Notice how the hand aligns with the frets. It makes the pinky a lot easier to use, since it can actually reach all of the notes. While the G-major approach works perfectly well for an awful lot of playing, this classical position can help you more easily fret chords and play melodic passages outside of your comfort zone.
You don’t have to use the classical left-hand position for everything (in fact, I’d recommend using both, depending on what and where you’re playing), but it certainly opens up your options.
Ornate Fingerpicking Patterns
It might seem a little obvious, but in classical guitar-playing, you use your fingers. While some rockers certainly make great use of fingerpicking as well, there is a huge range of patterns and techniques that rock guitarists can learn—if they know just the very basics of reading music.
The combinations your fingers can execute extend far beyond Carter Family Picking or rudimentary folk patterns. But to learn the patterns, you’ll need to know how your picking positions are written on a piece of music. From the thumb to the ring finger of the picking hand, they’re often noted like this:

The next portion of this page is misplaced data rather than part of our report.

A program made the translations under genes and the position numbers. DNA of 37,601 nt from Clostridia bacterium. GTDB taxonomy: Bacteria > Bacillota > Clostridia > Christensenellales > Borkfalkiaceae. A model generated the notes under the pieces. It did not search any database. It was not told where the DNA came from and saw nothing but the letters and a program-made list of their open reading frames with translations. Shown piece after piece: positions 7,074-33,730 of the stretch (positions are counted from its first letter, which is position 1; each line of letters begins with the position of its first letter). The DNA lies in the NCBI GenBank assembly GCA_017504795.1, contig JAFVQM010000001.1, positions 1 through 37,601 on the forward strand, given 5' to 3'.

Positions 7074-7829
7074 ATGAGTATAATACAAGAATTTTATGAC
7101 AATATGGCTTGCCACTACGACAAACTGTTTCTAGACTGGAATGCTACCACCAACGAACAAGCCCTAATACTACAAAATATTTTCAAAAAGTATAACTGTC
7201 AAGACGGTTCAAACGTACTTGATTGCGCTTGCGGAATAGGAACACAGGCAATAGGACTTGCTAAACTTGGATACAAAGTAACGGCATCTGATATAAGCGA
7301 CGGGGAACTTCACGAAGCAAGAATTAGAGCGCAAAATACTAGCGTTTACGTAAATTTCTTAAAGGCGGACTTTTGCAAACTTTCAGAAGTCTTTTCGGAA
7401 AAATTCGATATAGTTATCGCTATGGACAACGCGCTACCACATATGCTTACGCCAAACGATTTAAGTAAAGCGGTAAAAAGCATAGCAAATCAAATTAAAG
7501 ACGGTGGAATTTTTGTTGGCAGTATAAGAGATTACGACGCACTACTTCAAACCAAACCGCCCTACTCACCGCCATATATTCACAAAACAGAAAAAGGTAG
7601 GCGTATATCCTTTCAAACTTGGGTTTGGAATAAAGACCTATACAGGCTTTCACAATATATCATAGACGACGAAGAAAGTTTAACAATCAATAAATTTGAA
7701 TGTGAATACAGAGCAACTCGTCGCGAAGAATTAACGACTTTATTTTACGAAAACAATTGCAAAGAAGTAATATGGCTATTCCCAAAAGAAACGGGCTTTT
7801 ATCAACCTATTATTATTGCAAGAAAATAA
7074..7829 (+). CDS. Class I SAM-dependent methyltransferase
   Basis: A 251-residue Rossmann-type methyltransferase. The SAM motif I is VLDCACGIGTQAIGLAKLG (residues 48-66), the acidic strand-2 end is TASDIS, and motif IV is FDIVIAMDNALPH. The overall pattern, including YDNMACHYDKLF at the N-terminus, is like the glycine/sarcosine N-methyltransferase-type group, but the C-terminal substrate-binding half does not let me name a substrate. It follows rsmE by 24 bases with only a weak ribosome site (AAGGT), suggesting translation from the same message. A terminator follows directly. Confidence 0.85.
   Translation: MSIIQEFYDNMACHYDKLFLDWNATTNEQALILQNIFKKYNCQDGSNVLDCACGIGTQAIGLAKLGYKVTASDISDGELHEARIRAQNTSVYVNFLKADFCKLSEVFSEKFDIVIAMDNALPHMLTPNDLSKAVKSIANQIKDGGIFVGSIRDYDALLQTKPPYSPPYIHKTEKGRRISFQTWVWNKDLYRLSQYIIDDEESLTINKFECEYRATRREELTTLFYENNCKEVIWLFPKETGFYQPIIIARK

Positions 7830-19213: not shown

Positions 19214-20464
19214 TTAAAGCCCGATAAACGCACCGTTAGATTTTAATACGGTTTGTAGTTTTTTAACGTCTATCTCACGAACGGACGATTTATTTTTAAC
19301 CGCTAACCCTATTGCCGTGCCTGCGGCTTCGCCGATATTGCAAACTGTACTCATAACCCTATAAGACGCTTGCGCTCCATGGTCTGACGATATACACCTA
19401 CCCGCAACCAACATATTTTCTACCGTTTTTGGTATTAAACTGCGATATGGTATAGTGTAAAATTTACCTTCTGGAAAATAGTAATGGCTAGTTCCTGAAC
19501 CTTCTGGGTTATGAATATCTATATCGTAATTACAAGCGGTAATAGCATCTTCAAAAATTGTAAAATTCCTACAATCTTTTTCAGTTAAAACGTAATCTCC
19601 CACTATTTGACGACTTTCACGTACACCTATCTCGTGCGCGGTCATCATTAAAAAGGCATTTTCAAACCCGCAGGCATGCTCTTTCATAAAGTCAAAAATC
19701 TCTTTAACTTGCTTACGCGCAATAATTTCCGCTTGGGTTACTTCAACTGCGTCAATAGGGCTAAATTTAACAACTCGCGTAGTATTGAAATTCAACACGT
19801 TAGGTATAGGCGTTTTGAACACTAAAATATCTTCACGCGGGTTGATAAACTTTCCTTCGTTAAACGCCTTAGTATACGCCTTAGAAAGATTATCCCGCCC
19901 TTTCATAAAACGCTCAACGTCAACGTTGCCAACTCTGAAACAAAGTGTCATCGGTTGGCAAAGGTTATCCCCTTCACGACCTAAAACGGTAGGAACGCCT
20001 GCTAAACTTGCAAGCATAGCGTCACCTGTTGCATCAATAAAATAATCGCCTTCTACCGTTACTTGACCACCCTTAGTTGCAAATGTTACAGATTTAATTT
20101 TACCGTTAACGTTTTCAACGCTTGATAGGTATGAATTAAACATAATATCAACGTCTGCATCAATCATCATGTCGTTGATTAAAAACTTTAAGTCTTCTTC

- p for pulgar (thumb)
- i for indice (index)
- m for medio (middle)
- a for anular (ring)
The pinky usually isn’t used, simply because with conventional classical technique it can be difficult to reach the strings, though that certainly hasn’t stopped some players.
In the link here, you’ll find the first 20 of Mauro Giulani’s 120 right-hand exercises from Studio per la Chittara, Op. 1—essentially a massive collection of exercises and technique drills. Even if you can’t read music, the right-hand patterns Giuliani uses are simple enough that you can follow along. They do get trickier, though.